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The Short Form

“How to Escape from a Leper Colony”

Tiphanie Yanique


He was there on the beach when I came out of the water. Lazaro was not the name he was born with. He was given that name because he refused to die. He was sixteen when I met him that first day, older than me by two years but much smaller in size. I stood a head above him. I had some softness in places, chest and cheek, where he seemed hollow. He had been born in the colony and still showed no signs of leprosy and no signs of leaving. The world would not have him. Surely the leprosy would show soon. In truth, he had nowhere to go. His mother, a dougla, had passed on her mixed genes. One could not tell if Lazaro was African or Indian—there was talk that there was French in him, too. That his father was French. That his father was one of the French priests who came over once a week to celebrate the Mass. Who is to know? The dougla, the mixed race, might be a type of chameleon. They can claim any heritage they desire. They can claim all if they like. Though it is true that not all will claim them in return.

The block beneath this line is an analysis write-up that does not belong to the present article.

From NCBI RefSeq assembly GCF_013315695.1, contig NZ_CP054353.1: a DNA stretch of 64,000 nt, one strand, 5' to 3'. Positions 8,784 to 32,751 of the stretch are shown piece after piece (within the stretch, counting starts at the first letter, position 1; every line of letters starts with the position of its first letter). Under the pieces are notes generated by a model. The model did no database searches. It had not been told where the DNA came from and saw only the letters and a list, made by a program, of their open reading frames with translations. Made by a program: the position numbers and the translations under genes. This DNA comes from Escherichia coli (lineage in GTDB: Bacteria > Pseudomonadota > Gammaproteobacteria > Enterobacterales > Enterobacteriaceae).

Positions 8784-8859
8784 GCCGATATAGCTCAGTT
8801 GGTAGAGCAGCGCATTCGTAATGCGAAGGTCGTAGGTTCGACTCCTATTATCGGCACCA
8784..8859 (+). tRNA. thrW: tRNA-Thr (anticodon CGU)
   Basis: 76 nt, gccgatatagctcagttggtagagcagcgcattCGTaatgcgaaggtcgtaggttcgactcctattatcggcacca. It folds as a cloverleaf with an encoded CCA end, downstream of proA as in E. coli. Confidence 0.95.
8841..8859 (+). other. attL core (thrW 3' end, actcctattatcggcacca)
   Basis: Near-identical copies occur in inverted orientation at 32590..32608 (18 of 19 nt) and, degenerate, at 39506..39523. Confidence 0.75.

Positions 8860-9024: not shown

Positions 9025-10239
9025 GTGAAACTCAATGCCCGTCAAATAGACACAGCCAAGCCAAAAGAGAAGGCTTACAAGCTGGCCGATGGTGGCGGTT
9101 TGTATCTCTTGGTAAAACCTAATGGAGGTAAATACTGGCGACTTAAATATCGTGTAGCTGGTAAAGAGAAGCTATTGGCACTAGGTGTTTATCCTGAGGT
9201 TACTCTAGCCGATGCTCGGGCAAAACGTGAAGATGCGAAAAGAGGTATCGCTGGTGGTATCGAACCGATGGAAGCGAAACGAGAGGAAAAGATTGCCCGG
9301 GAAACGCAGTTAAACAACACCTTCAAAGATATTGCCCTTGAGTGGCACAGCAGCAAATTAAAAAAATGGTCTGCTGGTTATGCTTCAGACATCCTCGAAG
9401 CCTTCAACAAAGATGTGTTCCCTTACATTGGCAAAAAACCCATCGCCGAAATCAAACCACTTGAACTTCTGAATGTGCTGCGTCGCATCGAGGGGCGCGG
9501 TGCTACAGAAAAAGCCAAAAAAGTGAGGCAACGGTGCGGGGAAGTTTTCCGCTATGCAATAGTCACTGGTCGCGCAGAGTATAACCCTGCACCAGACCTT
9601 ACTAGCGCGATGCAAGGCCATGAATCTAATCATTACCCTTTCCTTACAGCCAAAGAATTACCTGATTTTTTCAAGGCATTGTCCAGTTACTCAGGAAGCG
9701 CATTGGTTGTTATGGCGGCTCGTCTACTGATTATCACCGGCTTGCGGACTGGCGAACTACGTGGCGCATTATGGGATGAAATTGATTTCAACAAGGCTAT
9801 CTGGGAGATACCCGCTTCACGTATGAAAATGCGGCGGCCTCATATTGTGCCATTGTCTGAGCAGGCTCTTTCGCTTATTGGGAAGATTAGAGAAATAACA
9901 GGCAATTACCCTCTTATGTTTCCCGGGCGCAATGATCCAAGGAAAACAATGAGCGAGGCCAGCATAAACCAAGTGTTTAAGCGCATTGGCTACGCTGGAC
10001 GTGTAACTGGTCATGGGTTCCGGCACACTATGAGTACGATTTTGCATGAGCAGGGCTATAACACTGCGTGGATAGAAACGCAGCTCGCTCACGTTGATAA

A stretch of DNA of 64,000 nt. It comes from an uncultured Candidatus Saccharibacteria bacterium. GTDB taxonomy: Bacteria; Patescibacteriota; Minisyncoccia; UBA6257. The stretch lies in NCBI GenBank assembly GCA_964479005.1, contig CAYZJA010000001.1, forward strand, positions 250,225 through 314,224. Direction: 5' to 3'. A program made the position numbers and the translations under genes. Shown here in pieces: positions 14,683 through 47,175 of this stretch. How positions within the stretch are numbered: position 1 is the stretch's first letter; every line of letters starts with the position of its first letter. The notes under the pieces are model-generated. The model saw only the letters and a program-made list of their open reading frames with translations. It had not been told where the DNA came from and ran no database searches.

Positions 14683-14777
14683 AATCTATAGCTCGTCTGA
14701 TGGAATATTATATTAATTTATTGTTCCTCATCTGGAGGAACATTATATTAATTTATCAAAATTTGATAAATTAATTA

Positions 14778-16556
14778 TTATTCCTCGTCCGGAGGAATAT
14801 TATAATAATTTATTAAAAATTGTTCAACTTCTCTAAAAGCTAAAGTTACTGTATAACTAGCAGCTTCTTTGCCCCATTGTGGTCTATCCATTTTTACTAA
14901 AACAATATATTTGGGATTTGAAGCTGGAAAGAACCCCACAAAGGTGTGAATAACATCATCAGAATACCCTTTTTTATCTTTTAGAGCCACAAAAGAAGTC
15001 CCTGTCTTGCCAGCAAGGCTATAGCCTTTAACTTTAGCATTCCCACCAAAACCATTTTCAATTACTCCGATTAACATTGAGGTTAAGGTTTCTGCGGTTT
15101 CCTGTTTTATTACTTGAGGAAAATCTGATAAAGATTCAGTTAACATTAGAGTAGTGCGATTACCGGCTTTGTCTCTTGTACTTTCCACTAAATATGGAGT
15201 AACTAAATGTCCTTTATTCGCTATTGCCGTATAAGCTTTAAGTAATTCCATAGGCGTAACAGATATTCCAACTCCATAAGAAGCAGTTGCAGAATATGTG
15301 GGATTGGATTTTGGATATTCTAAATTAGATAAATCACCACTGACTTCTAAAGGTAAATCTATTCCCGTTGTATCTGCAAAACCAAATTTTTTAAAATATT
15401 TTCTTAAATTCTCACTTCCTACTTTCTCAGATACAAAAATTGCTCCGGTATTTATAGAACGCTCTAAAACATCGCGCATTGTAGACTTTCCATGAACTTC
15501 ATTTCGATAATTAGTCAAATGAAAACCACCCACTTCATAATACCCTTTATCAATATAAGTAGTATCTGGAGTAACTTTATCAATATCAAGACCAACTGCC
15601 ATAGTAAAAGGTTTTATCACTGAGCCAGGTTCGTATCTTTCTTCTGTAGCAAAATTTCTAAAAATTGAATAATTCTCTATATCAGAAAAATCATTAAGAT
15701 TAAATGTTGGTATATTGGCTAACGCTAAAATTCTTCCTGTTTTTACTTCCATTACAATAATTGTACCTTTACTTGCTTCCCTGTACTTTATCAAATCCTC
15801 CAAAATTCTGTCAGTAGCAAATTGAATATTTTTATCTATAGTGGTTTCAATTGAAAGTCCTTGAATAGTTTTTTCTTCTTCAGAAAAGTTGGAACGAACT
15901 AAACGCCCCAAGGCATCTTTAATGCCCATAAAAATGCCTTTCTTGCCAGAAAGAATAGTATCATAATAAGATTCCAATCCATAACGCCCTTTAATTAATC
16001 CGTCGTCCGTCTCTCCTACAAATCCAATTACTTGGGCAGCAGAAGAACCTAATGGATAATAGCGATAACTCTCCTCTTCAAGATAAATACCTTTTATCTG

Full story at The Boston Review.